Step 3. Identity for your Microsoft 365 for enterprise tenants
Your Microsoft 365 tenant includes an Azure Active Directory (Azure AD) tenant to manage identities and authentication for sign-ins. Getting your identity infrastructure configured correctly is vital to managing Microsoft 365 user access and permissions for your organization.
Cloud-only vs. hybrid
Here are the two types of identity models and their best fit and benefits.
|Model||Description||How Microsoft 365 authenticates user credentials||Best for||Greatest benefit|
|Cloud-only||User account only exists in the Azure AD tenant for your Microsoft 365 tenant.||The Azure AD tenant for your Microsoft 365 tenant performs the authentication with the cloud identity account.||Organizations that don't have or need an on-premises Active Directory.||Simple to use. No extra directory tools or servers required.|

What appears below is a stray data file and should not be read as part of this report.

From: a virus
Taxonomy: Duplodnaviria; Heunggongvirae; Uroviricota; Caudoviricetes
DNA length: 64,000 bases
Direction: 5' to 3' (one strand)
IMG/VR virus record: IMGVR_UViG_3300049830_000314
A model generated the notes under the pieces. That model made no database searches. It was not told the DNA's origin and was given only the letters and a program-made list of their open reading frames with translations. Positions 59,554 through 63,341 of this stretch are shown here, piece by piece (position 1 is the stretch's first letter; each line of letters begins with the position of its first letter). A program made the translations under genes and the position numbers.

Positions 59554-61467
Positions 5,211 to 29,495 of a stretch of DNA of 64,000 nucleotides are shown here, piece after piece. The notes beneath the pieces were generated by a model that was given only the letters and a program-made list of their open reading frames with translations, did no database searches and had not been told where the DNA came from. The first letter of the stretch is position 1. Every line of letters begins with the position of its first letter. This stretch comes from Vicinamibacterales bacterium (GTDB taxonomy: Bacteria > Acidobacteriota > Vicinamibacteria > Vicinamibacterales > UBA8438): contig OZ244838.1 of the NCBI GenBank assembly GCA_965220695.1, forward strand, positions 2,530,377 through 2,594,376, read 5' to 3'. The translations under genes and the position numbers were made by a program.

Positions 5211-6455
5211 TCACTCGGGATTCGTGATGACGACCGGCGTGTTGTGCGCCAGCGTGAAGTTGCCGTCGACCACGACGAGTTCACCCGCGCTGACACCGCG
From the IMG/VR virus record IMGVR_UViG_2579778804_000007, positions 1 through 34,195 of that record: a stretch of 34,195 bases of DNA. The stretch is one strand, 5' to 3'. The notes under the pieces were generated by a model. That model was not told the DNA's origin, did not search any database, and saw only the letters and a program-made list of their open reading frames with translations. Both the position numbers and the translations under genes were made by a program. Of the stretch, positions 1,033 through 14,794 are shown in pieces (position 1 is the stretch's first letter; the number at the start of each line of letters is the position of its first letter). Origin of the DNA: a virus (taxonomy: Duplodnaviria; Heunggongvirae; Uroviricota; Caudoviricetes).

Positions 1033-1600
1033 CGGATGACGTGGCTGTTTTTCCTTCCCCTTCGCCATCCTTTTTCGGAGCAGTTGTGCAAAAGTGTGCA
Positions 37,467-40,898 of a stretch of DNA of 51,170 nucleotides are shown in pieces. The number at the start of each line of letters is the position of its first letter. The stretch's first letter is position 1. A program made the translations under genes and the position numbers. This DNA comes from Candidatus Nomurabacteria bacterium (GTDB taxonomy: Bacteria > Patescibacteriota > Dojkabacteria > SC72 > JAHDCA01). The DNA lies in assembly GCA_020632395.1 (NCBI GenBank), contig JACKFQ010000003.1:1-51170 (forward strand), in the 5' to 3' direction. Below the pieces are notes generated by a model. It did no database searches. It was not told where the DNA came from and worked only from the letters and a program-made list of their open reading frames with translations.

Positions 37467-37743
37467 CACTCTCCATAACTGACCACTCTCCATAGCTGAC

|Hybrid||User account exists in your on-premises Active Directory Domain Services (AD DS) and a copy is also in the Azure AD tenant for your Microsoft 365 tenant. Azure AD Connect runs on an on-premises server to synchronize AD DS changes to your Azure AD tenant. The user account in Azure AD might also include a hashed version of the already hashed AD DS user account password.||The Azure AD tenant for your Microsoft 365 tenant either handles the authentication process or redirects the user to another identity provider.||Organizations using AD DS or another identity provider.||Users can use the same credentials when accessing on-premises or cloud-based resources.|
Here are the basic components of cloud-only identity.
In this illustration, on-premises and remote users sign in with accounts in the Azure AD tenant of their Microsoft 365 tenant.
Here are the basic components of hybrid identity.
In this illustration, on-premises and remote users sign in to their Microsoft 365 tenant with accounts in the Azure AD tenant that have been copied from their on-premises AD DS.
Synchronizing your on-premises AD DS